The goal of the Costa-Hawkins Rental Housing Act is to give owners of residential real property the right to establish the initial and all subsequent rental rates for vacant units in their rental properties.  (See § 1954.52, subd. (a).)  The Legislature expressly extended this right to owners of properties “whose initial or subsequent rental rates are controlled by an ordinance or charter provision in effect on January 1, 1995, ․” (§ 1954.52, subd. (a)(3)(A), (B), (C).)

Further explanation is found in the Legislative Counsel's Digest:  “(1) Under existing law, the rent for a hiring of real property is determined by contract of the parties in the absence of governmental regulation.   Various local governmental entities within the state have enacted ordinances or other measures that establish maximum rents for the hiring of real property for residential use.  [¶] This bill would provide that, notwithstanding any other provision of law, an owner, as defined, of residential real property, as defined, may establish the initial and all subsequent rental rates for a dwelling or a unit that has a certificate of occupancy issued after February 1, 1995, that has already been exempt from the residential rent control ordinance of a public entity on or before February 1, 1995, pursuant to a local exemption for newly constructed units, ․ The bill would also provide that, notwithstanding any other provision of law, an owner of residential real property may establish the initial rental rate for a dwelling or unit, except under specified conditions.   The bill would also make various technical and conforming changes to statutes relating to rent control.”  (Legis.   Counsel's Dig., Assem.   Bill No. 1164 (1995-1996 Reg. Sess.))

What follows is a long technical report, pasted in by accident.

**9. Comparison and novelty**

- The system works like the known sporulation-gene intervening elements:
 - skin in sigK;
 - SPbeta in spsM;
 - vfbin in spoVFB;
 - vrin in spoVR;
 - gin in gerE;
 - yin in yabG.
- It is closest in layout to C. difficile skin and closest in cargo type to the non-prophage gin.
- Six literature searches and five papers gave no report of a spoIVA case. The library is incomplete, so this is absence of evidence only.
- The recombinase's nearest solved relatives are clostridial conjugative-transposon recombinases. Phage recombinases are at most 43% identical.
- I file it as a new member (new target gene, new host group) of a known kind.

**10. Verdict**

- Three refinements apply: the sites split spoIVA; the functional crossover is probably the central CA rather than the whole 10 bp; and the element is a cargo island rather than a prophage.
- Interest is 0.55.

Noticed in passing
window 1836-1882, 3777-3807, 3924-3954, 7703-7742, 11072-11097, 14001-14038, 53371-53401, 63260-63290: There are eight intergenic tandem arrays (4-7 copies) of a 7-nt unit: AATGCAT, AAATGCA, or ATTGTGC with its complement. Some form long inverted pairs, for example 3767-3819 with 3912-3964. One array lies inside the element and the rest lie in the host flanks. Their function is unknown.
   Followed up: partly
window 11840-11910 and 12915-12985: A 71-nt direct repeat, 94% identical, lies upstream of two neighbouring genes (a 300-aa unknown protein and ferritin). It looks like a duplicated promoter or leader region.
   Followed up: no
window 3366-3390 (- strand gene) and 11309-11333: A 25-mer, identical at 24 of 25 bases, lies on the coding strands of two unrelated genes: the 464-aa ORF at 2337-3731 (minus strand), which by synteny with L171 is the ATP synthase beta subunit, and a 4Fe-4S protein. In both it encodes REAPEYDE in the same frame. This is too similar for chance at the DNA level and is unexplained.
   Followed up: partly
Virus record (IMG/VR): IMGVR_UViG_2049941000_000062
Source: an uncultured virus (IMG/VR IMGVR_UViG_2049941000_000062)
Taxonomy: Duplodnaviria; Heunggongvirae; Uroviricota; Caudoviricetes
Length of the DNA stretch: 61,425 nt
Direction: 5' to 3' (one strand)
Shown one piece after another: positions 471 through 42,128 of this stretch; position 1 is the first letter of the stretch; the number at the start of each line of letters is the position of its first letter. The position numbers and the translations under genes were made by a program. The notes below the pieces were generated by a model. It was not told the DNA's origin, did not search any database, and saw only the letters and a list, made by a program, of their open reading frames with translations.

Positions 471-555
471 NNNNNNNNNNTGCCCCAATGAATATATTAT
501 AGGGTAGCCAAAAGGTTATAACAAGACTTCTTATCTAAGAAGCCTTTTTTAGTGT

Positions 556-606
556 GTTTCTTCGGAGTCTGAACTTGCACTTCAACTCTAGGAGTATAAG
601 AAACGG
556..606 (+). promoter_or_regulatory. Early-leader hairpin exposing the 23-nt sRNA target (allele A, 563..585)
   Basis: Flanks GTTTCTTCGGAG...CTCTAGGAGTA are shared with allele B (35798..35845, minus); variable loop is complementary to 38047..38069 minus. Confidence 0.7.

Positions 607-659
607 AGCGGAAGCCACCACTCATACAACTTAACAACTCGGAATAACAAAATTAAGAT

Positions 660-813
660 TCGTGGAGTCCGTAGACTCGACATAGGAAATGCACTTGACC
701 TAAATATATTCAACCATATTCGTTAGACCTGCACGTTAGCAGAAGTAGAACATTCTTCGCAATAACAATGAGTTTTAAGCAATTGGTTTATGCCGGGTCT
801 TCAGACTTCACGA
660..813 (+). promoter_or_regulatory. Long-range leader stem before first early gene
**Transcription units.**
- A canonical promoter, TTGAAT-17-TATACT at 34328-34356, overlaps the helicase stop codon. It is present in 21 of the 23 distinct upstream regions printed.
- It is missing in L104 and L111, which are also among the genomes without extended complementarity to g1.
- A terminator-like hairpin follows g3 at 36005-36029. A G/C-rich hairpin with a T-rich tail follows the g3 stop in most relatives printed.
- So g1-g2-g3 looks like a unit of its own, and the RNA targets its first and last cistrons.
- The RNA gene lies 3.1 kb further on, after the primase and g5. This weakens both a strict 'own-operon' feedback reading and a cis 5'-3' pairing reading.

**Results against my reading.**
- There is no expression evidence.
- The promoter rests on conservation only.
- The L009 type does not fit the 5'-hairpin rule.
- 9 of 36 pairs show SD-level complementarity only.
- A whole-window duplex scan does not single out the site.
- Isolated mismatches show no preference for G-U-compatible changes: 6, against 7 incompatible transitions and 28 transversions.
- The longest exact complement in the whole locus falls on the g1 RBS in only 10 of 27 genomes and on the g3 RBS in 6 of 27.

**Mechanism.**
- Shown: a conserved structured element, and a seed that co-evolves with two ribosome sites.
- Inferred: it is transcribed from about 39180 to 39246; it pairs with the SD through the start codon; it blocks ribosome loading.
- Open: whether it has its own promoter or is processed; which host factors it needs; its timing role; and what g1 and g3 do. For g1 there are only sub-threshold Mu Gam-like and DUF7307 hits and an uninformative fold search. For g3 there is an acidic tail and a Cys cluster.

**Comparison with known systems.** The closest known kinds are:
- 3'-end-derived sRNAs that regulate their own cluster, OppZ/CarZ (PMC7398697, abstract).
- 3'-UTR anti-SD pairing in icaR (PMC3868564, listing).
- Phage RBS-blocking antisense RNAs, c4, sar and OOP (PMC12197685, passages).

The area the Legislature intended to cover by Costa-Hawkins is limited:  it is the right of landlords to establish rental rates for their property, whether or not the property is subject to rent control.   The question is how fully the Legislature intended to occupy this field.

 Costa-Hawkins states the basic rule of law, that owners of residential property may establish the initial and subsequent rental rates for a dwelling.   But it also specifies exceptions to this authority, where the owner has otherwise agreed by contract with a public entity (§ 1954.52, subd. (b));  where the rental property “contains serious health, safety, fire, or building code violations, ․ for which a citation has been issued by the appropriate governmental agency and which has remained unabated for six months or longer preceding the vacancy” (§ 1954.52, subd. (d));  and where the owner gives notice of termination of a month to month tenancy pursuant to section 1946 or terminates based on a change in the terms of the tenancy pursuant to section 827. (§ 1954.53, subd. (a)(1).)